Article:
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8 Keys To Discovering Birmingham
1. Victoria Square – the Heart of the City
The city’s main historic buildings are located in this square, notably Council House with its clock tower – known as Big Brum –the Birmingham Town Hall and Birmingham Cathedral. Cultural events are held in the square, including the Frankfurt Christmas Market, laid out in the purest German Christmas-market style.
2. In Search of the Industrial Past
Birmingham was the main driving force behind the United Kingdom’s industrial revolution, which earned it acclaim as “the factory of the world”, or the “city of a thousand businesses”. Dating from that period is the city’s extensive network of canals. An enjoyable way of discovering them is to go for a ride on one of the colourful barges that ply the canals and take in the industrial heritage that has survived the test of time. It has also become a major leisure area, with pubs and restaurants to relax in before pressing on with your city tour.
One way of finding out how workers lived in the 19th century is to visit Back to Backs, a court of back-to-back houses which has been restored. Tours are organised to the precinct with its workshops, enabling you to get a better idea of that period.
3. Art and Museums – the pre-Raphaelites and Much More
The Birmingham Museum & Gallery Art (BMAG) boasts the world’s largest collection of pre-Raphaelites, with over 2,000 works on display. It also houses sections on archaeology, social history and the art of other periods. Enthusiasts of the contemporary avant-garde and the latest art trends should head to the Ikon Gallery, housed in an 1877 neo-Gothic building designed by John Henry Chamberlain.
4. More Than Just Books in The Library of Birmingham
Well worth visiting, if only for the stunning building housing this library on Centenary Square. This, the largest library in the United Kingdom, is also famed for having over 40,000 objects related to the life and work of William Shakespeare. You can also visit the Parker Collection of children’s books, that of the British politician, Benjamin Stone, with some magnificent photographs, one of the country’s largest collections of music for silent films, and a host of other exhibits.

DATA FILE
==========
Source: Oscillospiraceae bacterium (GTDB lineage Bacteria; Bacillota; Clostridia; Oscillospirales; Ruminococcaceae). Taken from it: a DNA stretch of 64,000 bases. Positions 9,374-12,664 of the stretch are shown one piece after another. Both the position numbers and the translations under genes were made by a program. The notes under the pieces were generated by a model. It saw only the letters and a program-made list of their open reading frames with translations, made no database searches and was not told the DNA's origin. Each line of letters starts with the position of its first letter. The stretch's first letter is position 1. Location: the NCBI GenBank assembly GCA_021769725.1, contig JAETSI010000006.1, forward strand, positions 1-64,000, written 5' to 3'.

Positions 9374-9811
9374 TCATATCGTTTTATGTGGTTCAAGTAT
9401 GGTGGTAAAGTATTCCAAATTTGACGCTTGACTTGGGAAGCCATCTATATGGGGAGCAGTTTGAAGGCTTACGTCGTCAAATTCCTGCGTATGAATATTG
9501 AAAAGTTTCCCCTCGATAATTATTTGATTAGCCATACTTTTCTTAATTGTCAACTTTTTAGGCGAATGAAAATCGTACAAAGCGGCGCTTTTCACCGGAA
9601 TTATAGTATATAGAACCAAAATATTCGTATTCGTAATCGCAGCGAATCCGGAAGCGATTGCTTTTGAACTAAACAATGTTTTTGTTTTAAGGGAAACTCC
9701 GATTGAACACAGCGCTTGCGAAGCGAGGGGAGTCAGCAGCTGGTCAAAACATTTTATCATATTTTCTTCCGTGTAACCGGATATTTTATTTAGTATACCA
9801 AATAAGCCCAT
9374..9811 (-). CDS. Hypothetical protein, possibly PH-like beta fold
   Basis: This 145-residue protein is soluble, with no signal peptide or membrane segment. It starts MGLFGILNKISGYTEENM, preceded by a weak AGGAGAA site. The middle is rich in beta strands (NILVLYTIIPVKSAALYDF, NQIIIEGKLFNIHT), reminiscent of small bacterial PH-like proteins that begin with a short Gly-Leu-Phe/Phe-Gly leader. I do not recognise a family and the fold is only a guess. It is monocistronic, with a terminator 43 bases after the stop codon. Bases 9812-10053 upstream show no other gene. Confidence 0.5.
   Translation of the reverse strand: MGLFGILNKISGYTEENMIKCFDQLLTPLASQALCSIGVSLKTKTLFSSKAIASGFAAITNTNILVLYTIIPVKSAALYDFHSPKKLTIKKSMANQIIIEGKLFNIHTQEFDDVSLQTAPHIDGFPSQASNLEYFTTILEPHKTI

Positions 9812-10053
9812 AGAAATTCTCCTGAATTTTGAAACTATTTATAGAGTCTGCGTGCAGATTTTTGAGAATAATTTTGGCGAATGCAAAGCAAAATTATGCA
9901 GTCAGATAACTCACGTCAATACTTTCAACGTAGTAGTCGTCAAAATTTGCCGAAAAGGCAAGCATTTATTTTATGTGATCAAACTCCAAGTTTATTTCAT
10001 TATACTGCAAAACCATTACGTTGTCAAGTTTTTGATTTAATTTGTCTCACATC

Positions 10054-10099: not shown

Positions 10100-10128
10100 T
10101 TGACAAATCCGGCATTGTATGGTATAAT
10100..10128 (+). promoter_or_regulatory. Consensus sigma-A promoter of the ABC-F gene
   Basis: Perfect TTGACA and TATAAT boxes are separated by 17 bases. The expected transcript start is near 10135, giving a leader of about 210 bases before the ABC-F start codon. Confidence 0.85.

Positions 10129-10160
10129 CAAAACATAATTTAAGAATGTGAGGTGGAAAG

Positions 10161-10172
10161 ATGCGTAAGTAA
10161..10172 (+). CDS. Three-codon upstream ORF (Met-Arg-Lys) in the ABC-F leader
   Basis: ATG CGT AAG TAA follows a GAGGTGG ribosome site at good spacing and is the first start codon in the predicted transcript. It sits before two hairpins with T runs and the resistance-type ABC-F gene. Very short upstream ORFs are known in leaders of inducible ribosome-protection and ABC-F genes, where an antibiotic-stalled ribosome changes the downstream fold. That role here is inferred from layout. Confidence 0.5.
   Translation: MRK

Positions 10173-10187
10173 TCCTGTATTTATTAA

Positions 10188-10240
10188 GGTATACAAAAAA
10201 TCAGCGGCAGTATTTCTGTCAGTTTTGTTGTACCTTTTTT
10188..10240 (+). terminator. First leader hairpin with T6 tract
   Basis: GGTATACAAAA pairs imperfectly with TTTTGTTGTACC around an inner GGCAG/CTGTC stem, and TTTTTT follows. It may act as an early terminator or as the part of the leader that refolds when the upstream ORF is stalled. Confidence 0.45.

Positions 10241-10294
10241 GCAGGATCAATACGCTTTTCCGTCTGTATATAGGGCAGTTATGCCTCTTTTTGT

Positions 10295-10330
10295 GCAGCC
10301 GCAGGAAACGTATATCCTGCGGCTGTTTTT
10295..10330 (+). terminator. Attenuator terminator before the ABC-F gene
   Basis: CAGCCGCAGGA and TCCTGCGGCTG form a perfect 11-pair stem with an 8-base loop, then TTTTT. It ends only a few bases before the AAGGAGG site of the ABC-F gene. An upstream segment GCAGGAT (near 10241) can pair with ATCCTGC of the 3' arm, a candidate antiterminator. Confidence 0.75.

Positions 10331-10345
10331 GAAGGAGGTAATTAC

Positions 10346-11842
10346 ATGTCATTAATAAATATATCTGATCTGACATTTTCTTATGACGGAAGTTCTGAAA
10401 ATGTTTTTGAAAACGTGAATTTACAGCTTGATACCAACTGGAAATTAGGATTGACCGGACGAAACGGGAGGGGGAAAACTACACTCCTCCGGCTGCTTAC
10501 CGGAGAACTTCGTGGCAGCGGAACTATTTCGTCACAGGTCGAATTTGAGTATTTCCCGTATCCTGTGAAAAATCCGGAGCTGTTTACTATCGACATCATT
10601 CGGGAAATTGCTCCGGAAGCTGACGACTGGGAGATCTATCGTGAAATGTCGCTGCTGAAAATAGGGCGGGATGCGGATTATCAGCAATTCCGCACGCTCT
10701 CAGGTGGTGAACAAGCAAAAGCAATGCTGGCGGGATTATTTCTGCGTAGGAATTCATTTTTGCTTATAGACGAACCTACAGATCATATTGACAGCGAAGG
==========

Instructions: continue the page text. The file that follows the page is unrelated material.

5. Cadbury – More Than a Chocolate Factory
South of Birmingham lies Bournville, one of the city’s most beautiful districts. Among its chief landmarks, there is one coveted by all children – the Cadbury Chocolate Factory. Inside you will discover the history of one of the most important chocolate factories in the world. A must if you’re travelling with children.
6. The Jewellery Quarter – Jewels for Everyone!
Most of Birmingham’s jewellery production is centred in the Jewellery Quarter, where over 100 jewellers and experts in the sector are to be found. The district dates back to the 18th century and is the site of the only Georgian square in the city. Highly recommended is a tour of the Museum of the Jewellery Quarter, an erstwhile factory and workshop converted into a museum where you can see how jewels are made, among other things.
7. Bullring Shopping Centre – the Temple of Shopping
Apart from being one of Birmingham’s architectural gems, it is an essential destination for shopping lovers. It houses no fewer than 160 stores where you can indulge in one of the United Kingdom’s favourite pastimes – shopping. Before you leave, make sure you take a selfie alongside the popular bull statue in the interior.
8. Sarehole Mill – A Place Which Inspired J.R.R. Tolkien
Some five kilometres from the city centre lies Sarehole Mill, one of the last two surviving water mills in the Birmingham area.J.R.R. Tolkienfans have good reason to make a pilgrimage to this spot, as just a few yards from the mill stands Tolkien’s old house. Both the water mill and its surrounding area was a source of inspiration for some of the scenes in Lord of the Rings.
Now you have the keys to discovering Birmingham; all that’s left is to pick up your Vueling here and see it all for yourself.
Text by ISABELYLUIS Comunicaciónmore info
A German Christmas in Birmingham
A trip to Birmingham in the period from mid-November to the run-up to Christmas has a surprising added enticement, particularly for lovers of Christmas markets. That is when the Frankfurt Christmas Market and Craft Fair is held, a market in the purest German style in Britain’s second largest city. What’s more, it is the largest market of this type both in the United Kingdom and outside German itself. Not to be scoffed at!